Nitrous acid (HONO) is an important source of the OH radical, the primary oxidant in the atmosphere that participates in the formation of ozone, which can lead to the so-called "photochemical smog" in polluted regions. Even though HONO was considered to be of importance only at sunrise (Harrison et al., 1996), recent studies have indicated a significant contribution also throughout the day. Its presence has been confirmed in polluted ambient as well as in relatively clean continental air masses, being formed in heterogeneous processes and coming from primary emissions, e.g. from diesel motor vehicles, etc.
Nevertheless, the chemistry of HONO in the atmosphere is not well understood. For example the possible sources of HONO are not well known at the moment. It is also unclear how important HONO is as an OH source. Therefore, a better understanding of the formation of HONO and its role as a source of OH-radicals is highly desirable for the improvement of air pollution models, many of which do not currently include HONO production mechanisms.
One reason for the uncertainties over the atmospheric role of HONO is the difficulty in measuring this species: The flux required to sustain observed levels of daytime HONO is generally higher than we can model. A number of techniques have been used, but with variying limitations in terms of detection limit, sampling appoach and potential interference effects which make it easy to dismiss high observed levels as bad measurements when they don´t fit the models, even if the measurements may be good. There is a need to evaluate the various techniques under appropiate controlled conditions (notably semi- to heavily urban conditions) to further progress our understanding.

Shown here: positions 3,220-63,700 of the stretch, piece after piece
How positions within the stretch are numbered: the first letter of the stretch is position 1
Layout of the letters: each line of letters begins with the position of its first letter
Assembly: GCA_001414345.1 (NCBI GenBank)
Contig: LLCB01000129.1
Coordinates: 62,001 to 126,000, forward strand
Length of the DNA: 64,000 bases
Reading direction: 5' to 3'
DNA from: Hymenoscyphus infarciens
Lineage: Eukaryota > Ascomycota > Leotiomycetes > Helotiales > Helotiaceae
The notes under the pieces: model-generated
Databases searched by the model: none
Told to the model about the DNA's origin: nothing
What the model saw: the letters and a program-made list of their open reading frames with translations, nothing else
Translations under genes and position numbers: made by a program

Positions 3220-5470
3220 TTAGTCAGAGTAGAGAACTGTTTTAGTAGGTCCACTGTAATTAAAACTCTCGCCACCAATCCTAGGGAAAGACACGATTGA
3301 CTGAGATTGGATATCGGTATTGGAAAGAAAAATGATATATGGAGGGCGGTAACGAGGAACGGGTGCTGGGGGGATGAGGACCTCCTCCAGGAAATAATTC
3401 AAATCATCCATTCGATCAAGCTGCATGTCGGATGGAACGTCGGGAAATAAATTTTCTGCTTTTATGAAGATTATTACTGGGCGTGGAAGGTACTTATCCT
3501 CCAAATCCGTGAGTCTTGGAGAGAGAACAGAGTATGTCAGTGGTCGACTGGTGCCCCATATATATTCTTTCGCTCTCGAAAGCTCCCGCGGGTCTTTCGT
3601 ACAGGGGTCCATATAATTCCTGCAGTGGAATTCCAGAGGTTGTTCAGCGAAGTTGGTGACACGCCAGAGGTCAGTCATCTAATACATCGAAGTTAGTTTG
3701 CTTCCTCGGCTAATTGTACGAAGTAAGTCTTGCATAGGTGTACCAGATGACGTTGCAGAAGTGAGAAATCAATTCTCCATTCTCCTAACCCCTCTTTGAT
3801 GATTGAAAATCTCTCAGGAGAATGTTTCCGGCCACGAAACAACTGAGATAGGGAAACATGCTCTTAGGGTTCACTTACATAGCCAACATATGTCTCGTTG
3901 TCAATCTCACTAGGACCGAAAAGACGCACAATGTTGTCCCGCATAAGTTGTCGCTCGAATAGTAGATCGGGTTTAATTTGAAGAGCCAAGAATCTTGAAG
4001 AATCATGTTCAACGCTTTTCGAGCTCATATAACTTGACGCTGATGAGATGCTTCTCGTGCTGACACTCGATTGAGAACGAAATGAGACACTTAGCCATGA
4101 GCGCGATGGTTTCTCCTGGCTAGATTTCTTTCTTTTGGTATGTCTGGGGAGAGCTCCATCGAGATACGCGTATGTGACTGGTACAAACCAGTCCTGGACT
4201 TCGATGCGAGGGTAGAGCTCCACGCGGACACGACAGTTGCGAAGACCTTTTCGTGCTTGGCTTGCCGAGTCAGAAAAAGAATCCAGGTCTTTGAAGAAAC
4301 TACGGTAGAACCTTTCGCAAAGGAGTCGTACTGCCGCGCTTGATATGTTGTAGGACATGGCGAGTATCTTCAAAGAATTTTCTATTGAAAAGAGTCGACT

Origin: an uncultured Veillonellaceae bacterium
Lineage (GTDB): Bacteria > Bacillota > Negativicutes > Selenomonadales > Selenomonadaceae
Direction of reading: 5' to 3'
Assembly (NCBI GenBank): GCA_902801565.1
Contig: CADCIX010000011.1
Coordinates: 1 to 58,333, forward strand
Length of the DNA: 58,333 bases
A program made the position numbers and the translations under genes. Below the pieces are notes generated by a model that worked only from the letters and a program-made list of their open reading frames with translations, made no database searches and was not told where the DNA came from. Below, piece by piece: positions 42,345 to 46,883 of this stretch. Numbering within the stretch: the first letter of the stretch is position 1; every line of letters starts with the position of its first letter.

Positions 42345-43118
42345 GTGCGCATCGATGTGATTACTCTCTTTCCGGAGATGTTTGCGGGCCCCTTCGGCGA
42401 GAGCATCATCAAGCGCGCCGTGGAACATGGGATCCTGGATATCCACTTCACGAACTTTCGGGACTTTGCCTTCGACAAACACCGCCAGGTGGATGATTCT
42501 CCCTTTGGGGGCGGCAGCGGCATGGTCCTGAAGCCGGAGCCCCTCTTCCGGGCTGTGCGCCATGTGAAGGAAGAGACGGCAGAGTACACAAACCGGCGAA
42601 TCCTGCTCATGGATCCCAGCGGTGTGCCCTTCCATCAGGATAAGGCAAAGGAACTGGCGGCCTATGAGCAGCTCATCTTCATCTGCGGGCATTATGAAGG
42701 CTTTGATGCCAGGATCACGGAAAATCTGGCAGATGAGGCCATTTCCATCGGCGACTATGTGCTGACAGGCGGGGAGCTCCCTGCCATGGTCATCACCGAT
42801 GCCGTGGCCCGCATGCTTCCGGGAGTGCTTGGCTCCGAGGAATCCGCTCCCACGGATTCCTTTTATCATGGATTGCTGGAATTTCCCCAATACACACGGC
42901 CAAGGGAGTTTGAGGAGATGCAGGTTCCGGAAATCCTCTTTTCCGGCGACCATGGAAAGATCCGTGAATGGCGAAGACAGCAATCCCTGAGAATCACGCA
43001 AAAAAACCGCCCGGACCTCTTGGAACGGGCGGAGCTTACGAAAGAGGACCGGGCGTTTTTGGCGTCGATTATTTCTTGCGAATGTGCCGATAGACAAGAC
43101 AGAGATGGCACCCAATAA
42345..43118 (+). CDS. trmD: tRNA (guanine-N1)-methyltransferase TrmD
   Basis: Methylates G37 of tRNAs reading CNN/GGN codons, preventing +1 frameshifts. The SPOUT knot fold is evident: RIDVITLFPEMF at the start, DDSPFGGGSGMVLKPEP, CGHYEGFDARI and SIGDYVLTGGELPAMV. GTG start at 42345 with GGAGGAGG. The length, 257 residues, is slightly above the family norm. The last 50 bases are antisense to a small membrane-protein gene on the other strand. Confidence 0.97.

Given the importance of HONO, the reliability of the data obtained is mandatory to understand the chemical processes carried out. Therefore, the knowledge of the devices involved in the measurements including their behaviour under given conditions (physical and/or chemical) as well as of their interferences is essential to interpret the results and to arise coherent conclusions. On the other hand, as stated above, a better understanding of the HONO chemistry is highly desirable since it might have a severe impact on models, on our understanding of photochemical smog formation and the oxidation capacity of the atmosphere, and on possible future political decisions regarding emission control strategies.
In order to elucidate both aspects, chemical and instrumental issues related to HONO, a campaign is proposed where a number of techniques will be intercompared. The scenario will be a set of experiments accounting for typical urban and semi-rural conditions.